Wednesday, August 27, 2008

How St Paul got his beliefs

Something I've found greatly helps me understand different scholars interpretation of Paul's theology are 'Just So' stories... one to three small paragraphs of a hypothetical and plausible story, outlining how and why Paul came to hold the various beliefs he does.

Such a story should explain why Paul's theology has the characteristic emphases it does. I find that such stories have great explanatory power. They point to what things were important to him and why, they point to reasons for inconsistencies, and they can be used to deduce what the scholar thinks Paul's view are on other issues. Overall, they make the depiction of Paul seem more plausible and real, and hence more convincing.

If a scholar makes no effort to provide such a story, I often try to puzzle one out myself that would account for Paul having the beliefs the scholar alleges. In cases where I am unable unable to construct a hypothetical story that could have resulted in Paul thinking the things the scholar alleges him to have thought... I tend to be very unconvinced of the arguments.

So what are your 'just so' stories? How did the apostle Paul get his beliefs?


Blogger Nathan said...

Why, he came to his beliefs by direct revelation from God, of course :P

But seriously, I'd say any story needs to take into account the large amount of dissonance one would experience from becoming the person who you were persecuting. I can imagine him swinging to the other end of the spectrum and being very anti his old position.

Blogger Barbara said...

Dissonance - there is that, but it's offset by the grace that comes with such a life-transforming experience. Plus, that becomes such a minute thing when you are turned from living for yourself and your own ideas to living for Christ and His mission. Like John the Baptist said, and as it applies to all in whom the Holy Spirit dwells, He must increase and I must decrease. Or as Paul stated, it is no longer I who live, but Christ who lives in me.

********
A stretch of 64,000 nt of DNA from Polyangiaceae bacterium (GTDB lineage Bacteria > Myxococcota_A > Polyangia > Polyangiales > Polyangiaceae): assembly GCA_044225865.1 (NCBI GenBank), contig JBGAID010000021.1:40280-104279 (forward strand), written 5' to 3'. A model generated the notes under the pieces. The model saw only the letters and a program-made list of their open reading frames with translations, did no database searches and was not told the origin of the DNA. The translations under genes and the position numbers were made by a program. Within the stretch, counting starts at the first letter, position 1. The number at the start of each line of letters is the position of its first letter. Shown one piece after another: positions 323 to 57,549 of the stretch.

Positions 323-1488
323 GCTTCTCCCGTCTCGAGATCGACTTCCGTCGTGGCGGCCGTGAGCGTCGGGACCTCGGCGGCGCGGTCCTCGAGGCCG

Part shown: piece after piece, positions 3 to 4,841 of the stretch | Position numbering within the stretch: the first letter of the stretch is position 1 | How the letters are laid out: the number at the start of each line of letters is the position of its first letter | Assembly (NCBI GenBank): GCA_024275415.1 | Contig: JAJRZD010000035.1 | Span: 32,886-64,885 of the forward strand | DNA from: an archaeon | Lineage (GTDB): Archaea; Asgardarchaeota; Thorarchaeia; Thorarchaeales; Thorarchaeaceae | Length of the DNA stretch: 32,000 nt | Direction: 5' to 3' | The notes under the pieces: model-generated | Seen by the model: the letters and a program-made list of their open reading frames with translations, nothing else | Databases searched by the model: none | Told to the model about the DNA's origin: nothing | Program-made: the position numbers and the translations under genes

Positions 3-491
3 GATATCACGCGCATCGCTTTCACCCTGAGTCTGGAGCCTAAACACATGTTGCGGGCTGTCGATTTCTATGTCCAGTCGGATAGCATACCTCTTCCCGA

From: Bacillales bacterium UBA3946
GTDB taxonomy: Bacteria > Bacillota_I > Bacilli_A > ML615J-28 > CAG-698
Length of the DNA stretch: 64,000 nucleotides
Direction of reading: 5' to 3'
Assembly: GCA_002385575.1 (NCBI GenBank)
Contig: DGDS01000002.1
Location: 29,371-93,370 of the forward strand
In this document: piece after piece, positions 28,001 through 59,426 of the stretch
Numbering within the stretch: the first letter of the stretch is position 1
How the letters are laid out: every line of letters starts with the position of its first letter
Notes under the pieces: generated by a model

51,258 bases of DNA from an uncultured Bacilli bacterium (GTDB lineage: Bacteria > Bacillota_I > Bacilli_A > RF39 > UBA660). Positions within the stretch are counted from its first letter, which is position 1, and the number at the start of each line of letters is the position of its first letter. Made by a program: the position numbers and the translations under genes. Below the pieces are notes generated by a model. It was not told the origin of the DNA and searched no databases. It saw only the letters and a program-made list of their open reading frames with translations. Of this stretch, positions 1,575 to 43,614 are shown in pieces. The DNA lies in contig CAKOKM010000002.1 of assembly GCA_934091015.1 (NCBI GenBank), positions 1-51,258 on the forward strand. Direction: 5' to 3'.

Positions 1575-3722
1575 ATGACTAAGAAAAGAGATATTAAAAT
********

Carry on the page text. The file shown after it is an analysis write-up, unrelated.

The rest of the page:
Plus, after the incident on the road to Damascus, he went on to spend some 17 years studying the Scriptures with the light of the revelation of Christ before he trotted the globe to preach it. He also spent much time in the company of the men who had lived alongside Jesus for three years. Don't forget - Peter validates Paul in one of his own epistles (2 Peter 3:15).

Anonymous Anonymous said...

I find the explanation in Hyam Maccoby's two books on Paul convincing. (The Mythmaker: Paul and the Invention of Christianity, and Paul and Hellenism) He follows the New Testament evidence and finds that Paul was not a high profile Pharisee, but a confused semi-Jew (my term) who grew up half Jewish in Tarshish but confused by all the Mithraism around him, ultimately came to Jerusalem and tried to become a Pharisee and rabbi but couldn't cut it, disillusioned he became a Saducee thug in the service of the high priest and had a nervous break down when the high priest sent him on his mission to persecute Christians in Damascus, at which point his syncretic theology (a mixture or half-understood Judaism and Mithraism) emerged ready made from his subconscious as the answer to his delima.


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